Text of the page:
Following NVIDIA’s announcement of its latest GeForce RTX 20-series GPUs on Monday, its board partners also introduced their custom-built offerings based on the new processors. As is usually the case, the first wave of products do not feature extreme frequencies or highly-custom designs – and indeed many of them look like they’ll be using NVIDIA’s reference PCB – but they still offer various customizations and cooling changes relative to NVIDA’s own “reference” Founders Ediiton card. Today we are taking a look on these cards and briefly compare their characteristics.
NVIDIA’s GeForce RTX 20-series lineup will initially consist of three models: the RTX 2080 Ti based on the TU102 GPU as well as the RTX 2070 and the RTX 2080 powered by the TU104 processor. The flagship GeForce RTX 2080 Ti GPU features 4352 CUDA cores, a 352-bit memory bus, and carries 11 GB of GDDR6 memory. Meanwhile, the GeForce RTX 2070 and 2080 boards have 2304 and 2944 cores (respectively), a 256-bit memory bus, and carry 8 GB of GDDR6.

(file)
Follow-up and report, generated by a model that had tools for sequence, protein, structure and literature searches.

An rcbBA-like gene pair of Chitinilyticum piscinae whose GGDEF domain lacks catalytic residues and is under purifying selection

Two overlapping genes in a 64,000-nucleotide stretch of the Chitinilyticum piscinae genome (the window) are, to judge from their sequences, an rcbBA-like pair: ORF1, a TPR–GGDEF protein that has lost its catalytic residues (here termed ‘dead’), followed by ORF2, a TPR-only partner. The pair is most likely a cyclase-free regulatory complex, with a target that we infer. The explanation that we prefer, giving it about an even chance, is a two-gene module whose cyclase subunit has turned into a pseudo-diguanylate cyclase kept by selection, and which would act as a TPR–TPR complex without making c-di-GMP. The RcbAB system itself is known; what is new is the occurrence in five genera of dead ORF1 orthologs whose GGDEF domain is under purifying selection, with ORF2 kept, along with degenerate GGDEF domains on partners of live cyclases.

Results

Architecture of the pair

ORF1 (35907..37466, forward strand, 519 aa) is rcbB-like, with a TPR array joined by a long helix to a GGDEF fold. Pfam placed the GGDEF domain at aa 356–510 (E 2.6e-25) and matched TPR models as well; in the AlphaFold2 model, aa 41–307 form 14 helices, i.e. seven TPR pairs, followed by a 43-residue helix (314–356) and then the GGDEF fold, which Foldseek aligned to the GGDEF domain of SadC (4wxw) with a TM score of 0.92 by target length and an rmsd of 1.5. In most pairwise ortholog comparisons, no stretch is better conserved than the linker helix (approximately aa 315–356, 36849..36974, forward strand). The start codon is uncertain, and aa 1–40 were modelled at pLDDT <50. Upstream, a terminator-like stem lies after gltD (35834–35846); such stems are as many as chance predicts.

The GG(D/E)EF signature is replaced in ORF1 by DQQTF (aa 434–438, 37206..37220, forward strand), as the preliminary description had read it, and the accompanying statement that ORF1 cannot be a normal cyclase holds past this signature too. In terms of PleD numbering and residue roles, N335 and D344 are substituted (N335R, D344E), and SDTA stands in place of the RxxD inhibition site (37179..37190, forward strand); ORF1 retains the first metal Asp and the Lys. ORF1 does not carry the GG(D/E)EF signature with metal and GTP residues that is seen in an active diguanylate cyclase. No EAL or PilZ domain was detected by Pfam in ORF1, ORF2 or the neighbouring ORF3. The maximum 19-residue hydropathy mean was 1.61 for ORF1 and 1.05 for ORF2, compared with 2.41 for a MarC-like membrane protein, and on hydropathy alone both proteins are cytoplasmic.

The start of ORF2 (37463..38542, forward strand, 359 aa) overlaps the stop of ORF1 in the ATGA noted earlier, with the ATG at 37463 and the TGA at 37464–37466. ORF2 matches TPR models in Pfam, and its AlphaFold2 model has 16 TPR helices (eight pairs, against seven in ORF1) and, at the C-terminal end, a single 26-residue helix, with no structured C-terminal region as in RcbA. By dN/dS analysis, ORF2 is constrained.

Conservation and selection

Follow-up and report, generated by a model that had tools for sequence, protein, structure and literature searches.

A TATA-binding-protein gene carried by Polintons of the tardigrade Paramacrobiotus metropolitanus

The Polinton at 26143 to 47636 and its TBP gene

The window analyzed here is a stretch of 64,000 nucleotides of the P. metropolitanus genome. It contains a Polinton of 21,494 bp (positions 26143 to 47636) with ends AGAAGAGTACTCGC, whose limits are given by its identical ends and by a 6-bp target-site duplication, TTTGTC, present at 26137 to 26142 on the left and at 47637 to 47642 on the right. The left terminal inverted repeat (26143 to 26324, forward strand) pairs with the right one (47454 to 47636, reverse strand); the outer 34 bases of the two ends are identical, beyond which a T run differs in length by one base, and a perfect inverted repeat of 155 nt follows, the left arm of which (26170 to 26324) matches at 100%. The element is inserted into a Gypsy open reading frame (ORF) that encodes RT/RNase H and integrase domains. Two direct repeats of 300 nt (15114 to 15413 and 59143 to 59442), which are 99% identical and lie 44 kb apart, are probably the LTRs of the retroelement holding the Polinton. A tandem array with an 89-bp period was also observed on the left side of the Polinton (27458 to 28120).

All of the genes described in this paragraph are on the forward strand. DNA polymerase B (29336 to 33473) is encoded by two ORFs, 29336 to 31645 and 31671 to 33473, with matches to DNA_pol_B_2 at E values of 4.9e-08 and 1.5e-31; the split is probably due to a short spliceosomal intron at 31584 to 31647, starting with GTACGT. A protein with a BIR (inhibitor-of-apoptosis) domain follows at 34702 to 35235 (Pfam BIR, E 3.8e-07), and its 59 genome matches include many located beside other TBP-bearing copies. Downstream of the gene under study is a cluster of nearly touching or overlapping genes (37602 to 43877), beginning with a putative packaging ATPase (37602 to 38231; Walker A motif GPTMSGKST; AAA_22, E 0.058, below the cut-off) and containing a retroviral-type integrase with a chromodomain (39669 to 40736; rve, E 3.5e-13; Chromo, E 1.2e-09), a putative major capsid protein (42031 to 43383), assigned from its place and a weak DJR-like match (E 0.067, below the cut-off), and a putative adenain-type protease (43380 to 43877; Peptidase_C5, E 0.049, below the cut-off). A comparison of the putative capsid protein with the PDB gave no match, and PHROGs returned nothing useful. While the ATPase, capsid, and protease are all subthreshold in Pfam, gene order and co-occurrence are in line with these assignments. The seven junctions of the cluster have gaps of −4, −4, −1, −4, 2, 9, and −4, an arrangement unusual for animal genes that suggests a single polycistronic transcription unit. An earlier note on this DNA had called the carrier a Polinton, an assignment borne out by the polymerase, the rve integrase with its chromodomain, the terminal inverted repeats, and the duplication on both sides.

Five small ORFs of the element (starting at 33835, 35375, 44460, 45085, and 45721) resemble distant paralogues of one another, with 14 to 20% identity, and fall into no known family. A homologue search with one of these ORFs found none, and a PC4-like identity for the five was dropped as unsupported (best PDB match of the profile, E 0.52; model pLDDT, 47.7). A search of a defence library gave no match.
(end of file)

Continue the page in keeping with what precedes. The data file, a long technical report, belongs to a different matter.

Makers of graphics cards cannot activate any additional CUDA cores, but what they can do is increase default and boost frequencies of GPUs, or install high-performance cooling systems, thus altering and improving performance of their products compared to reference video cards designed by NVIDIA. Without further ado, let’s jump right to custom-designed graphics cards based on the TU102 and TU104 GPUs.
Custom GeForce RTX 2080 Ti Graphics Cards
NVIDIA’s reference PCB for the GeForce RTX 2080 Ti, which is being used in their own factory overclocked Founders Edition card, feature a 13-phase VRM and a double-wide dual-fan cooler. The chip developer’s Founder’s Edition will ship with the GPU clocked at 1350/1635 MHz (base/boost), but for its partners NVIDIA recommends maximum burst frequency of up to 1545 MHz. In a bid to differentiate themselves from NVIDIA’s own design (while ideally fetching a similar price), they’ll be implementing their own factory overclocks along with different (and usually larger) coolers.